Amnesty International is calling on internet users to join its campaign to reclaim the web as a place of freedom.
The lobby group names Cisco, Google, Microsoft, Nortel Networks, Sun and Yahoo! as companies who have co-operated to censor the internet or to help track down individuals.
Amnesty wants users of these services to complain directly - by email or on support forums - about these companies support of repression in China and elsewhere. The group also wants the companies to "come clean" on their policies - they want the companies named to make public all agreements with the Chinese government and publish a list of words excluded from web and blog searches. Amnesty also wants the companies to publicly call for the release of "cyber-dissidents" currently imprisoned.
Amnesty accuses the firms of hypocrisy.
Kate Allen, Amnesty's UK director, said: "There is a huge gulf between the companies stated values and their actions. Yahoo!, Microsoft and Google need to stop denying their culpability, acknowledge where their responsibilities lie, and begin to focus on solutions in China."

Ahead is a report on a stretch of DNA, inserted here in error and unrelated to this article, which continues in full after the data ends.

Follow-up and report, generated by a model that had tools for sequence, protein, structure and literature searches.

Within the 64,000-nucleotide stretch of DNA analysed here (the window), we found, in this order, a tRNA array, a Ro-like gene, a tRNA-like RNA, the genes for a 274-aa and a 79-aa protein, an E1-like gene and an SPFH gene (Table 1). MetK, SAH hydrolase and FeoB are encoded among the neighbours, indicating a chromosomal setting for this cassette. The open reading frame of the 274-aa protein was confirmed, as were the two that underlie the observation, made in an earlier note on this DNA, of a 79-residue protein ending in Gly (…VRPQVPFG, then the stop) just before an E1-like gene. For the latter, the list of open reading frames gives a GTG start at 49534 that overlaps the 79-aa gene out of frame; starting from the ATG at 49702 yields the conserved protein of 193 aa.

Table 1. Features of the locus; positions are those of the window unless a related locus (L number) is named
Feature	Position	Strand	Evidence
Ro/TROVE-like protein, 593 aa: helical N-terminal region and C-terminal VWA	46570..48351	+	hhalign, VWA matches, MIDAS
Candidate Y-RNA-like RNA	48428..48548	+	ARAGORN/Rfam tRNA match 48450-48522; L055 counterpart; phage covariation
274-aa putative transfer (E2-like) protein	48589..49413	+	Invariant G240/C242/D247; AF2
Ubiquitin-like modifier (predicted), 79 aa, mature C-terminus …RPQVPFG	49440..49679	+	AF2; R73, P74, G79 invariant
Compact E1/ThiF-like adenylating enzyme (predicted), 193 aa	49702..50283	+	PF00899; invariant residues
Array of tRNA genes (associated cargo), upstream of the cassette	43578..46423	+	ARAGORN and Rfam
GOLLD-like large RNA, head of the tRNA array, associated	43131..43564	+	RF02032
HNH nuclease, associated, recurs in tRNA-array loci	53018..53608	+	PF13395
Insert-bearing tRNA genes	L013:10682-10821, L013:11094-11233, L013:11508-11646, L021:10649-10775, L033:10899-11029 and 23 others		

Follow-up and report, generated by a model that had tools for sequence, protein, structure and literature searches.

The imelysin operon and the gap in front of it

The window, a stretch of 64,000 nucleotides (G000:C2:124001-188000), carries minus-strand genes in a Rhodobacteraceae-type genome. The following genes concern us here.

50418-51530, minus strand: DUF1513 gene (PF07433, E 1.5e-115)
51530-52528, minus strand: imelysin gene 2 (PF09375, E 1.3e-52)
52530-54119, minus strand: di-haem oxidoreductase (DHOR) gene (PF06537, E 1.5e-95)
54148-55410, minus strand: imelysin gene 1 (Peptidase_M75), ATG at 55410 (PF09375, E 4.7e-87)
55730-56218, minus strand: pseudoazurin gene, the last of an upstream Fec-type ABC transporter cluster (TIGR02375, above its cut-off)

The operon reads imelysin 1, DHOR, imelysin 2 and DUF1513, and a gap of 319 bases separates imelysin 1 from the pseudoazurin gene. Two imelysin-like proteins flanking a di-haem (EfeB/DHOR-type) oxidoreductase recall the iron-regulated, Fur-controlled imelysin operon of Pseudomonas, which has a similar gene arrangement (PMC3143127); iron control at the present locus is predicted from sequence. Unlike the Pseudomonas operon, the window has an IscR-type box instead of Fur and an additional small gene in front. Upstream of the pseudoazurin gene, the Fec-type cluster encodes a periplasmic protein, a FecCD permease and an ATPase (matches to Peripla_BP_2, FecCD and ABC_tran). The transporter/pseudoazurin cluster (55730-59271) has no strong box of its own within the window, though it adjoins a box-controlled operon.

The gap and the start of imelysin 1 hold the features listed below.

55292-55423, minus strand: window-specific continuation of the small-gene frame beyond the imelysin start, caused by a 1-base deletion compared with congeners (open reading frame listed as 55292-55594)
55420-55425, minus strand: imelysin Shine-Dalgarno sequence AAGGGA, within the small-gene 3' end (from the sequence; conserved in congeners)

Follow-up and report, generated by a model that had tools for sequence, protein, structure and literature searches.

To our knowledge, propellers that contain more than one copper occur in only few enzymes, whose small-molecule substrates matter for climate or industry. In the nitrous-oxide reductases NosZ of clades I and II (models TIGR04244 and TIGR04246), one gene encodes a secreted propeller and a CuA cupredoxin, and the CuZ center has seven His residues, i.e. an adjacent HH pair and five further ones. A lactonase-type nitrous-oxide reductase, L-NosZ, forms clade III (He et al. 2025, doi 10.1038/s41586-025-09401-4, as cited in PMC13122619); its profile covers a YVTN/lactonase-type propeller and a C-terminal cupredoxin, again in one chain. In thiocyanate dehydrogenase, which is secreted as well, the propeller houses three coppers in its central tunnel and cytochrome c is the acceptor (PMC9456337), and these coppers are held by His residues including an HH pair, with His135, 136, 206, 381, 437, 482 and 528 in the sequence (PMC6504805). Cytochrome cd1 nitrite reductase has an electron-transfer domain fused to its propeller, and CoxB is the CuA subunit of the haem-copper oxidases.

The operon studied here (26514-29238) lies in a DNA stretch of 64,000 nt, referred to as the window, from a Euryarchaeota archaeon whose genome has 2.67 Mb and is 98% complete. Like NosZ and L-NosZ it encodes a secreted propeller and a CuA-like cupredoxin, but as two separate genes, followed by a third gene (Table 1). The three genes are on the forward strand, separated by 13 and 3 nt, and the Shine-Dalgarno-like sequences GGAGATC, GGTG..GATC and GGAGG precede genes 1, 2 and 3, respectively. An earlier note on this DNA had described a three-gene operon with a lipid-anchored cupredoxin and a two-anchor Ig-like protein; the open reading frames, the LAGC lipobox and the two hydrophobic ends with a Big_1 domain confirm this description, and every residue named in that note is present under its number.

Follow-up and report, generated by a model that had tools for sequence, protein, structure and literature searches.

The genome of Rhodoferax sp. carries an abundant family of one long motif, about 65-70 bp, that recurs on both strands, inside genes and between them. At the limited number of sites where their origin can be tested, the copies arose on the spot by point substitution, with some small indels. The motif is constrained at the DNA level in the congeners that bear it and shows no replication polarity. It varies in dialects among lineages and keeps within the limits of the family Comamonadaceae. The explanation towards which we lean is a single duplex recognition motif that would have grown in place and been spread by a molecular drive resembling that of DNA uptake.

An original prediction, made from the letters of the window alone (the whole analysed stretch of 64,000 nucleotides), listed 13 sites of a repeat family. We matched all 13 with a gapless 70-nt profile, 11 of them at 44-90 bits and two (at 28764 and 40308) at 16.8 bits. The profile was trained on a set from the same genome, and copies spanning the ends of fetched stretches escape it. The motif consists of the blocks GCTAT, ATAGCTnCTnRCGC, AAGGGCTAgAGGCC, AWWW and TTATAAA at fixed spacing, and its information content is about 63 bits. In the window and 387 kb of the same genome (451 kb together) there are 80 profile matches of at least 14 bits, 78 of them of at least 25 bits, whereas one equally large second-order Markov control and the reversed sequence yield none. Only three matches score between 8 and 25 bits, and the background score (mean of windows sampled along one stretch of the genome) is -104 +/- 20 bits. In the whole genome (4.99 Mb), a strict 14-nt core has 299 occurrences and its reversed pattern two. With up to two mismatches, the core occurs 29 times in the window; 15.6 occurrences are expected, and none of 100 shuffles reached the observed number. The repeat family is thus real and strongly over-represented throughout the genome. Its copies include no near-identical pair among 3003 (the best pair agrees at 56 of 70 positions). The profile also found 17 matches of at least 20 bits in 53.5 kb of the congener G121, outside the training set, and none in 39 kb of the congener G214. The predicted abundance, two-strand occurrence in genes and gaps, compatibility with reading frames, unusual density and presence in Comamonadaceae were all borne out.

Yahoo! handed over confidential information which led to the imprisonment of two journalists - Shi Tao and Li Zhi - who have both been adopted as Amnesty Prisoners of Conscience.
Microsoft shut down a blog run by a New York Times researcher Zhao Jing following a request from the Chinese government.
Google is offering a censored version of its search engine for China.
Microsoft gave Israeli authorities the Hotmail account of Mordechai Vanunu - the man who blew the whistle on Israel's nuclear weapon programme. He is out of prison but banned from contacting the foreign media.